In Cannes, a marketer backlash to influencers is growing

Digiday covers that latest from marketing and media at the annual Cannes Lions International Festival of Creativity. More from the series →

The influencer backlash has washed up on French shores.

The early days of the Cannes Lions festival saw some strong words against so-called influencers and influencer marketing from top chief marketing officers.

It began with Unilever CMO Keith Weed, who announced early Monday that the advertiser will not work with influencers who buy followers, and its brands will actively look to eradicate from its spend any influencers with fake followers, bots or any other fraudulent practices.

Weed also said Unilever would also prioritize vendor relationships where commitments were made to eradicate fraud.

Weed is also convening a meeting with the World Federation of Advertisers, Instagram and Edelman chief executive Richard Edelman to work on a project on bringing transparency to the influencer space.

“In February, I said we needed to rebuild trust back into our digital ecosystems and wider society,” Weed said. “One of the ways we can do that is to increase integrity and transparency in the influencer space. We need to address this through responsible content, responsible platforms and responsible infrastructure.”

Dan Salzman, the global head of media at HP, said he agreed in principle with Weed. HP works with influencers for its gaming business, and Salzman said the influencer backlash was inevitable. “Each category of marketing is going through a reckoning,” he said. “Three years ago, influencer marketing was growing in scale. Now, people are looking at it critically. It’s a natural shaking out.”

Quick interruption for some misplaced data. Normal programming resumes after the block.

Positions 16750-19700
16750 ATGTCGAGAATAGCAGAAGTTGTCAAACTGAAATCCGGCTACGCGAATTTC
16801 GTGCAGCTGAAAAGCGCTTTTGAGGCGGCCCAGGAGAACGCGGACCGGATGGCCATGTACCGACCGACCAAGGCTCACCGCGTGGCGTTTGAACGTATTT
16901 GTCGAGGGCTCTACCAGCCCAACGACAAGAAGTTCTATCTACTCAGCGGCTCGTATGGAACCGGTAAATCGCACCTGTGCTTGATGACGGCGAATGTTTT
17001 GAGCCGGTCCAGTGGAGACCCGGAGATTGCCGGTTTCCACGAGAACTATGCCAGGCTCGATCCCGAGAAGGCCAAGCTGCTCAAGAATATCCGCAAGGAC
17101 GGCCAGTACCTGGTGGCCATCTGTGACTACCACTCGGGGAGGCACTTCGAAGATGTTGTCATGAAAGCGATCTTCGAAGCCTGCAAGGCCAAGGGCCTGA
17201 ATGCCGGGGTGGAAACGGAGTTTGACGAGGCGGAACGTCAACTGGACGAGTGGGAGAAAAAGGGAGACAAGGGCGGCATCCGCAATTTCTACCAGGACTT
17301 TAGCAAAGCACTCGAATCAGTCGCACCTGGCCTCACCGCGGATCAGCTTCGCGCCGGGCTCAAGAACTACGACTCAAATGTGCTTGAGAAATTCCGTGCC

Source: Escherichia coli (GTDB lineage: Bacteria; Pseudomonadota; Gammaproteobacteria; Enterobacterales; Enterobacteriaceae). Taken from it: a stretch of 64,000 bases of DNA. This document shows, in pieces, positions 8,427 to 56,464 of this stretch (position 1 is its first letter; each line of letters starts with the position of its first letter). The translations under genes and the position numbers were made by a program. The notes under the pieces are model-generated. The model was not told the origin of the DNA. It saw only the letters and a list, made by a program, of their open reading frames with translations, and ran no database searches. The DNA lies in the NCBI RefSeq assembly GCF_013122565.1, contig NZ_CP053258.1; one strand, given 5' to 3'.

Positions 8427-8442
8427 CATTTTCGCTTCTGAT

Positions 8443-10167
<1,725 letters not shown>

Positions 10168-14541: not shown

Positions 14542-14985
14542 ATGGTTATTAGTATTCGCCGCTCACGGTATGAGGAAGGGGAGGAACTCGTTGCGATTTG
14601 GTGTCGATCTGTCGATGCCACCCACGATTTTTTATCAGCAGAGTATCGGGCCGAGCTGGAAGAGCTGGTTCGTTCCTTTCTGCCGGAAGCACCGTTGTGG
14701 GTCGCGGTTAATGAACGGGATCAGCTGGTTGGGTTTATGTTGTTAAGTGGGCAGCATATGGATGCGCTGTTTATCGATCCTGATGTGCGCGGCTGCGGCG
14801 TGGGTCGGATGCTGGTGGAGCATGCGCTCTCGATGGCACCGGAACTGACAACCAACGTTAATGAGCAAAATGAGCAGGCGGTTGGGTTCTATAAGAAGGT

It’s also a shakeout that’s right on trend in a year where a reckoning seems to be the theme. Top marketers are pushing back on platform power, and questioning where their money is spent is en vogue as they look to wrest back control from platforms as well as agencies.

Speaking at The Economist’s “Wake Up with The Economist” session on Monday morning at the Cannes Lions Beach, eBay CMO Godert van Dedem said he will try “shift his influencer spend” toward eBay sellers — who he said are a bigger priority and more authentic for the eBay brand. “What I want us to do is give our sellers a voice, rather than influencers who happen to have a following that we use and pay for a post,” he said.

Samsung CMO Marc Mathieu, who recently worked with YouTuber Casey Neistat, said he did so for Newton’s “creativity,” not his influence. “I’d rather not just use influencers, but the people that use our products be the people we market,” said Mathieu. And Diageo CMO Syl Saller said that while the company works with celebrities, it is looking more critically at any influencer relationships that engage in shady practices like buying followers.

Influencer marketing, which seemingly burst on the scene a few years ago as Instagram — the preferred platform for so-called social stars — gained popularity, is attractive to marketers because it feels arguably more real than advertising. But authenticity can be faked: Anti-fraud company Sway Ops found that a single day’s worth of posts tagged #sponsored or #ad on Instagram contained over 50 percent fake engagements. Out of 118,007 comments studied by Sway Ops, only 20,942 were not made by bot followers.

It’s ironic that this backlash comes the same year that the Cannes Lions festival itself has announced for the first time the Social and Influencer Lions, a category meant to, in the organizers’ words, “celebrate creative social thinking.” The idea is to focus on reach and engagement. The jury, which is expected to announce a short list and winners Wednesday, will see if the campaign had any impact.

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